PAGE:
The other day, a colleague noted, “Other accelerators already in evidence that influence our ability to collaborate are our attitude to IP and our ability to 'waste' things. The entry phase of the new business model requires the establishment of 'reputation' which is gained by freely sharing IP; the latter phase (which can be quite small) involves conversion for commercial gain. When the cost of something virtually disappears (and it can therefore be 'wasted') and the leverage to be gained from sharing is apparent, then collaboration happens! That way be both gain confidence in our potential collaborations, are presented with the means to enable them, and maybe turn them into something worthwhile!”
Tuesday, February 12, 2008
What it is: A blog (short for “web log”) is a website that consists of a series of entries arranged in reverse chronological order. It may be the recorded ideas of an individual or a complex collaboration open to anyone. Blogs often focus on a particular subject, such as technology, politics or local news. A typical blog combines text, images and links to other media related to its topic. The “blogosphere” doubles in size every 6 months. 75,000 new blogs are started every day and 1.2 million new entries are posted daily — or about 50,000 blog updates every hour.
What it does: Because they can be updated in real-time and provide a sense of personal connection between readers and authors, blogs have become an increasingly influential form of communication. The role of blogs in breaking, shaping and spinning new stories has revolutionized communication tactics for a variety of activities including political campaigns, marketing efforts and business analysis.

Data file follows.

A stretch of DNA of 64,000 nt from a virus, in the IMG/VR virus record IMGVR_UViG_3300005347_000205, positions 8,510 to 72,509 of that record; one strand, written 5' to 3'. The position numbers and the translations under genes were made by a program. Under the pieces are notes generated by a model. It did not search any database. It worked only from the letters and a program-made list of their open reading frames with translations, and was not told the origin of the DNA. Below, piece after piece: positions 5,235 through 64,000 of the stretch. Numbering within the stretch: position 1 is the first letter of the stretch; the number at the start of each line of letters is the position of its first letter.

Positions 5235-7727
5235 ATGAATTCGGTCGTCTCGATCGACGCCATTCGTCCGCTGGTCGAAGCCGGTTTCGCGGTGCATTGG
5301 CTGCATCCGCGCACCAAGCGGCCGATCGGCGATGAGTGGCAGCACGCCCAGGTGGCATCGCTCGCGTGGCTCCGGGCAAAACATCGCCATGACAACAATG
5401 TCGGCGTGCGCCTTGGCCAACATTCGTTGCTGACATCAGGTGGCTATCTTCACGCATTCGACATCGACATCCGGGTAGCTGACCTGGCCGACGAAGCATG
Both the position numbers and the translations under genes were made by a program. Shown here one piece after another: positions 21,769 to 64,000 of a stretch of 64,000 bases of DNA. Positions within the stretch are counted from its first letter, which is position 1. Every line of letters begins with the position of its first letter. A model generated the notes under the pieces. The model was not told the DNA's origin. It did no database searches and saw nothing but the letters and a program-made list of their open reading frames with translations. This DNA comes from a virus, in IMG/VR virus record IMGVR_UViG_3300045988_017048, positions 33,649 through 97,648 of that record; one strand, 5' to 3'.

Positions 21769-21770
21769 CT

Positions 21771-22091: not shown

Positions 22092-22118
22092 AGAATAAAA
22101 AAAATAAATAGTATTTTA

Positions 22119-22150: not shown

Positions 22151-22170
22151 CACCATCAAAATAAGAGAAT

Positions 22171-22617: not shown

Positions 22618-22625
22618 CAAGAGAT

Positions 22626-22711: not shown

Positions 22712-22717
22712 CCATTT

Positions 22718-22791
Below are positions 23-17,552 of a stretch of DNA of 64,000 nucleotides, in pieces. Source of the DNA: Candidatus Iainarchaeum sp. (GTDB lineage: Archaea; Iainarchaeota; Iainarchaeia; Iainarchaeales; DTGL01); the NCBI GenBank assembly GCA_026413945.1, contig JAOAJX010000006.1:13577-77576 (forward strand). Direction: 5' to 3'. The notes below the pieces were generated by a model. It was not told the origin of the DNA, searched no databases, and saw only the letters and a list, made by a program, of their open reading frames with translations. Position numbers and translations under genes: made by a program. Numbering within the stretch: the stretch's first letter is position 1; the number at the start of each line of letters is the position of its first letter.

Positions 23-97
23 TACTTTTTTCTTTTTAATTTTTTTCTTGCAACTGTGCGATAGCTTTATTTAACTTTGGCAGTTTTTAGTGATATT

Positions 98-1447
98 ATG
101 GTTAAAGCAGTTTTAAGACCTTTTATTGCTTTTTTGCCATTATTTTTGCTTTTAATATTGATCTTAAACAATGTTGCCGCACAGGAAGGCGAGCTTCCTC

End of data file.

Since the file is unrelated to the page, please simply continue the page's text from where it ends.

What it is: A wiki is a type of website that allows users to add, remove or edit content, very quickly and easily. In essence, a wiki is a simplified way of creating web pages, that has been combined with a system to record each individual change over time. The most famous example of a wiki is Wikipedia. Started only five years ago, Wikipedia is already the world’s largest and most accurate encyclopedia, boasting more than 3.8 million articles and editions in 100+ languages — all produced through content contributed voluntarily by more than 360,000 people around the world.What it does: Because wikis are so easy to use, they’ve become an effective tool for collaborative writing and knowledge-management. Wikis are gaining recognition as valuable knowledge resources, helping to foster a sense that the recording of language and history belongs to a global community rather than a select group of academics.